You may know Vexta’s psychedelic feather figures from her Absolut Vodka Bottle or have seen them scattered throughout the laneways of Melbourne. The elusive artist talks to us from Brooklyn about the temporal nature of street art, how inspiration feels like a giant rush of wind and what it’s like to be a woman in a male-dominated field.
Where do your ideas come from?
I don’t know exactly, sometimes ideas appear in my dreams; sometimes an idea for a painting will appear in my head when I’m riding my bike. I feel like ideas travel through me and I wish I knew where they came from because then it would be easier to have more of them, though as it is, I have more than I can actualise.
What themes are carried through your work?
Life and death, creation and destruction, transcendence and metamorphosis, and what ever else the viewer brings to the experience of seeing the work.
Wikipedia says that you are notable because you are a female operating in a male-dominated arena. Does that have any impact on the way you approach your work?
I’d like to think it didn’t but I guess the world isn’t at that point yet. Lately I feel it more, so I want to present my perspective of life and the world, and yes, that’s a female perspective. At the moment I’ve been thinking a lot about creating new mythologies for women within art and art on the streets, but that doesn’t mean I don’t make my work for men as well.
Do you have to be in a certain frame of mind to create?
Maybe, though I don’t know what that state is called but I know when it’s happening. It’s like an unstoppable a rush of wind blowing through you that you have to go with. Though at other times, creating can be more like any job and I just go to work and get on with it.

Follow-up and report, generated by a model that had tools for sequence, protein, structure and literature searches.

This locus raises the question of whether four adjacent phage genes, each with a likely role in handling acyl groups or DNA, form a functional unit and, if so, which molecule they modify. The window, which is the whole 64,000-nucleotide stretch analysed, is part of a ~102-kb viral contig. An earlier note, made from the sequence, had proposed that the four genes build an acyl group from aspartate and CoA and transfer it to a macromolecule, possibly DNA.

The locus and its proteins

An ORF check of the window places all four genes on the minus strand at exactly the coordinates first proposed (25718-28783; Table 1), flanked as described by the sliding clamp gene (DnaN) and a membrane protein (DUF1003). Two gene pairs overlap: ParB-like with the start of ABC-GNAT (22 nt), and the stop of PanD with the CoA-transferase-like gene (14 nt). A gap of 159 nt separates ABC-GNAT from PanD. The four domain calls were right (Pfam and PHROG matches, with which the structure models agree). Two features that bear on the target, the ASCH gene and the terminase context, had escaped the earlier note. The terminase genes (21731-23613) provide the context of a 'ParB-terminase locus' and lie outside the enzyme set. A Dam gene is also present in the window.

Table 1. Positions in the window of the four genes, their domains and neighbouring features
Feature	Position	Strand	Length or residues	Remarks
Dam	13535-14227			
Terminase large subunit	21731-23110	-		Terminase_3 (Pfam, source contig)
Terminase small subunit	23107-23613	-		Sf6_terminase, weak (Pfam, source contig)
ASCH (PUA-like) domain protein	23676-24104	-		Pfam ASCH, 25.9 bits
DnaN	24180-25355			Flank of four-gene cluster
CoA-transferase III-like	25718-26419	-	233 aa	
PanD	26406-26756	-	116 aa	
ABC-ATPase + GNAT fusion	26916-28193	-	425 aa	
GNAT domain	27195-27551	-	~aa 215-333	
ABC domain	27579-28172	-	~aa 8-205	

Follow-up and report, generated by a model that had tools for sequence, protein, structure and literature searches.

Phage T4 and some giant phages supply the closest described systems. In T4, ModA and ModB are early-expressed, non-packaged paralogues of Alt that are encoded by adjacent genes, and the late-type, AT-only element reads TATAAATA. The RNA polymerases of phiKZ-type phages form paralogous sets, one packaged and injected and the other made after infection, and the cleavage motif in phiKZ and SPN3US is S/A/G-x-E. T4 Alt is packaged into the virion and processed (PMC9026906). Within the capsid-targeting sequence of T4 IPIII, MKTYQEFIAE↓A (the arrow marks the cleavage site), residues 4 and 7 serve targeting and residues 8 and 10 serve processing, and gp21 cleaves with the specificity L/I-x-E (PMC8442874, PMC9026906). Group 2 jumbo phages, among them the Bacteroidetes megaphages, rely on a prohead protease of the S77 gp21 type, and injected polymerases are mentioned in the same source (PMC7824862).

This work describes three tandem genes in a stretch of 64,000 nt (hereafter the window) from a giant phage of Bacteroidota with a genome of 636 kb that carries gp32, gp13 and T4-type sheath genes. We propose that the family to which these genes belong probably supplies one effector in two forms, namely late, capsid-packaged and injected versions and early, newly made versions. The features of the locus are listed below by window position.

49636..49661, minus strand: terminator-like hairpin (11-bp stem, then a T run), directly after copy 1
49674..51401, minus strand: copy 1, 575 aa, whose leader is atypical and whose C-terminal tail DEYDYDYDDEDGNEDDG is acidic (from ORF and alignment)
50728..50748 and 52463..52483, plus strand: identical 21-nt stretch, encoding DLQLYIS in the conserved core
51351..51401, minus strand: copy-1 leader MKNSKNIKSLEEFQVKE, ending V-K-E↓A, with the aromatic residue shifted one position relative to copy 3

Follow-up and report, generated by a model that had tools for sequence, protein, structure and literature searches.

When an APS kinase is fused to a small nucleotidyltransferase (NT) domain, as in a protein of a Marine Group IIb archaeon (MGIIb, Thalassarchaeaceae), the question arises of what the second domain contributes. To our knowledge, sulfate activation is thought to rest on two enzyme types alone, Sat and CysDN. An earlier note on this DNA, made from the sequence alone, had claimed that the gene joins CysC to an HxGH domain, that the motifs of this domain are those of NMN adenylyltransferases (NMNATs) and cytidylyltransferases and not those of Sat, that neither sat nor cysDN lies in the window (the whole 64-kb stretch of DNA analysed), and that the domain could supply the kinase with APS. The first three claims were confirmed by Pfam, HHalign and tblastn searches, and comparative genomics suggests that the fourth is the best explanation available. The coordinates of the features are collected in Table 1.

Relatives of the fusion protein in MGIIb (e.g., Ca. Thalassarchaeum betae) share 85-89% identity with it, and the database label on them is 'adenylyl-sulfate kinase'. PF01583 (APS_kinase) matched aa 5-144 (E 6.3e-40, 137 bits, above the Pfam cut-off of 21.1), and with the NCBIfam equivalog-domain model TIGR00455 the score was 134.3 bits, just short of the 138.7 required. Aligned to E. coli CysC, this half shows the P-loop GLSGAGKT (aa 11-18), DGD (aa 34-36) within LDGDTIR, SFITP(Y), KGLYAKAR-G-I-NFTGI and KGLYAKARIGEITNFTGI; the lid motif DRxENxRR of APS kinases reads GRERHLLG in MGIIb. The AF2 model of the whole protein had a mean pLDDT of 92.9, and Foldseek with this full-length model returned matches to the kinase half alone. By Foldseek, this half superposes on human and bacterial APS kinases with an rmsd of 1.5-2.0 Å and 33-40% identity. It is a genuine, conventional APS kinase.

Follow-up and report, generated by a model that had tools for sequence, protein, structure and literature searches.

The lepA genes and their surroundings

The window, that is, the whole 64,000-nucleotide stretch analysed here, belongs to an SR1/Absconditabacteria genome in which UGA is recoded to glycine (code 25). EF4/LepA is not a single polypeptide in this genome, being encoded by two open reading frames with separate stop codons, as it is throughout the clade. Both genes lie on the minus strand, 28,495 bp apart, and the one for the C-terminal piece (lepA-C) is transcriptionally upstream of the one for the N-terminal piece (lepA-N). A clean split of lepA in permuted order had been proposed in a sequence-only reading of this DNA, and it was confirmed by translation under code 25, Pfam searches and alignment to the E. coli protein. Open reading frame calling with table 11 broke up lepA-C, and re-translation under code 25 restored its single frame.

What inspires you?
I’m inspired by a lot of things. The constants seem to be transcendence, psychedelics, metamorphosis and existentialism. As well as more generally by nature, cosmology, science, poetry and of course, the human form.
What music do you listen to when you’re painting?
It depends. Lately I’m listening to anything from Arthur Russell to Arvo Part to Mike Patton to Jamie XX to Devendra Banhart. That was just today.
How does it feel when your street art gets painted over?
Sometimes it’s a bit disappointing when it happens faster than you expect. I’ve installed works in the street and not even photographed them before they have vanished but you learn to let it go. The only constant in this world is change and street art is like the expression of that in the art world. Nothing will last forever, you know?
Do you paint in the day or night?
Both. I love painting between the hours of about midnight and 4 or 5 am. That’s like the magic hour for me.
Are your figures with feathers in place of hands falling or flying?
It can be both or either.
What is your motivation?
To make great art.
When and why did you move to Brooklyn?
I came to Brooklyn about 4 months ago; I’m not sure how permanent it is. It’s more that I’ve left Australia for a while and I really like Brooklyn and New York and so here I am, for now. Being here is like living in the past and the future all at once. Its grimy and wild, like a wilderness made of buildings. So that’s why I’m here.
Do you believe that Melbourne is the stencil graffiti capital?
I think there was a time when it was crazy and booming and there possibly were more stencils on the streets than anywhere else. But like all cities, things change. I think stencils have become one smaller part of a bigger whole now.
What are you working on at the moment?
Right now I’m painting for a group show in India, and planning walls to paint there too. I’m also learning how to slip cast porcelain, which is super fun.
What’s next for you?
Just working here in New York on new ideas then I’m hopefully going down to Mexico for Day of the Dead, which is something I’ve wanted to do for a long time. After that I travel to India for the Contemporary Art Biennale, then a stop in Australia then it’s back to Brooklyn. Travel and art, travel and art, that’s what it’s all about.